The robdd must be that way, because there is only one robdd representation for every boolean expression. The expression "( or( x1, x12), 0)" equals to "0" and therefore its robdd has only one node. If we generalize, robdd will never have unnecessary variables (with respect to a given order).

As for the boolean expressions, you can eliminate unnecessary variables but you don't have to (according to current design). BooleanExpression.assign demands eliminating unnecessary *constants*, but does NOT require eliminating unnecessary *variables*.

In a better design, the contract of BooleanOperator should have had constructing "compute" methods with BooleanExpressions instead of booleans. If it had, eliminating unnecessary subexpressions would have been a piece of cake, and the design could have demanded it. Unfortunately, it's too late to change interfaces at this stage.

Thanks for the feedback,
Barak



-----Original Message-----
From: Arik Peltz 
Sent: Saturday, May 03, 2003 19:22
To: Barak Naveh
Cc: obsfeld
Subject: ex4 - play.bsh

Hi,
 
According to "play.bsh" you expect RobddImpl constructor
to get an optimized boolean expression:
----------------------------
and2 = parser.parse("and(  or( x1, x12), 0)");
and2bdd = factory.createRobdd(and2);
assert(and2bdd.nodeCount(), 1);
----------------------------
(Otherwise T will be initialized with 2 nodes, that can't be removed according to the algorithm)
 
On the other hand, you expect to keep unnecessary variables:
----------------------------
not2 = parser.parse("not(and(  or( x1, x2), 0))");
assert(not2.findMaxVariableIndex(), 2);
---------------------------
 
 
Is it suppose to be that way ?
Thanks in advance,
Arik and Tal


Sent: Sunday, May 04, 2003 14:37

That's true.

The restrict algorithm in the document is "restricting" a given robdd - it "cuts" unnecessary branches and reuse existing nodes where possible. It therefore leaves "garbage" in the form of unlinked nodes (in the tables).

In our implementation the robdd is an immutable object, therefore the restrict method does not change its own object - it constructs a new one.
The algorithm should be slightly modified.

Depending on your implementation, you can make references to nodes in the original robdd (assuming you have immutable node objects). It makes an elegant use of the immutability property. Alternatively, you can duplicate necessary nodes (less elegant).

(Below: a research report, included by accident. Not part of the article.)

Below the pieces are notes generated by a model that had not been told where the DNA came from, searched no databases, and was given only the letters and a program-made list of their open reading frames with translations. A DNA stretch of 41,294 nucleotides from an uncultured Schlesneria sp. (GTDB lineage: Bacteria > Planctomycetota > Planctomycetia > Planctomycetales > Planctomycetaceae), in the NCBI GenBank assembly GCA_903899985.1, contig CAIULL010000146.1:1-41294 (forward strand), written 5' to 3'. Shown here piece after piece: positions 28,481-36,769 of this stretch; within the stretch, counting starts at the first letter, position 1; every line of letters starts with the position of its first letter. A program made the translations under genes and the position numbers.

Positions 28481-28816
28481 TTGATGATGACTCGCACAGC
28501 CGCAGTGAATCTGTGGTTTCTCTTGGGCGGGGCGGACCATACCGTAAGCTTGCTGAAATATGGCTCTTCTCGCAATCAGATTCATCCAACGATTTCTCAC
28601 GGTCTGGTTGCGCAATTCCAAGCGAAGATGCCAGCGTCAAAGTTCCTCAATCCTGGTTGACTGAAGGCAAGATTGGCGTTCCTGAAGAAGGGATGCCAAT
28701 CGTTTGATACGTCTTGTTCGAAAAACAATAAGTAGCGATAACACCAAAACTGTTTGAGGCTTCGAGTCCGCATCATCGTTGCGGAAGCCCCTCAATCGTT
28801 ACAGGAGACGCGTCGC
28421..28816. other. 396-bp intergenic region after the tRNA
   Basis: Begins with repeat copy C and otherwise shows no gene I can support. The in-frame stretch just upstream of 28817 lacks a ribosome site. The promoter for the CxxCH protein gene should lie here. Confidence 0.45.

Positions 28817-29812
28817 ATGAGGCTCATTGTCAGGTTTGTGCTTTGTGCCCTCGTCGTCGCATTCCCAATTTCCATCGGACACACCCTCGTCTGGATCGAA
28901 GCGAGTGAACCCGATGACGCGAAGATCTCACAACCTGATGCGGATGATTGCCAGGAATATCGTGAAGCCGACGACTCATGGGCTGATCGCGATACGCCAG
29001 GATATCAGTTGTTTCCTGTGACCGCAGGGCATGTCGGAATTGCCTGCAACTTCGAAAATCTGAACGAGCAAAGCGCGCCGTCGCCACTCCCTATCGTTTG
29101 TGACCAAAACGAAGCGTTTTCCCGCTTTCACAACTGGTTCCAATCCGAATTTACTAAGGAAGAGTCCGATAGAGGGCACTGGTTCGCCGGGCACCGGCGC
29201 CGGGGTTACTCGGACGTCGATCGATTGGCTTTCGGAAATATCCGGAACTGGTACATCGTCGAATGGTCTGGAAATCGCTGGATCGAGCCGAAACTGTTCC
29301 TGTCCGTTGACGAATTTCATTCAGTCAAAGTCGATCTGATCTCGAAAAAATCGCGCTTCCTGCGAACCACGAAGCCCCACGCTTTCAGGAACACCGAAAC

All the best,
Barak


> Hi,
>
> Looking at the restrict algorithm in the document you've supplied in your
> link, I see a problem.
>
> New nodes are created only when var(u) == j (by a call to mk)
> Thus, existing nodes in the original robdd are not included in the
> new robdd, and the new robdd includes only nodes 0,1 and those created
> by mk.
>
> How do I include the exising nodes in the new robdd ?
>
> Best,
> Tal Obsfeld
>


Sent: Tuesday, April 29, 2003 20:54

> Hi,
>
> 1.
> In the pseudo code of apply() there is a call to app(u1,u2).
> In app function there is a call to var(u1).
> As far as we see, this must return the var index of the node u1 in T, but
> we don't have an access to T (there is no access method in your
> interface of Robdd).

One way of doing it is to put T as a member variable in the class that implements the Robdd interface. When a method receives the argument r, it assumes it's of the same implementation and casts it to the implementing class. Example:

public class RobddImpl implements Robdd {
    ...
    private <some-type> m_T;
    ...
    public Robdd apply(Robdd r, BooleanOperator op) {
        RobddImpl ri = (RobddImpl) r;

        // now we have r's m_T visible in ri.m_T
        ...
    }
    ...
}

This assumption allows us to keep the interface simple and generic. The penalty - we do not support concurrent interoperability between different implementations. Not a terrible loss.

> 2.
> We assume that G is of size this.nodeCount() X robdd.nodeCount(). Is that
> true ?

Perfectly true.

> Thanks in advance,
> Tal and Arik

you're welcome,
Barak


Sent: Tuesday, April 29, 2003 20:22

You can think of G(i,j) as a "cache" of results already computed by APP(i,j). Since results are already computed, no need to do any further check - only to look them up.

Another thing, when processing apply for two robdds (r, s) and operator (op1), all recursive invocations of APP(i,j) are relating to the same op1.
i and j will get different node-id values, as the recursion progresses down from the roots (r,s) towards the leaves.

It's true, however, that G has to be initialized ("invalidated" in cache terms) before invoking APP(r,s).

Hope it answers your question,
Barak


> -----Original Message-----
> From: zack shaul [mailto:zacksh]
> Sent: Tuesday, April 29, 2003 15:57
> To: Barak Naveh
> Subject: Apply algorithm and G data structure
>
>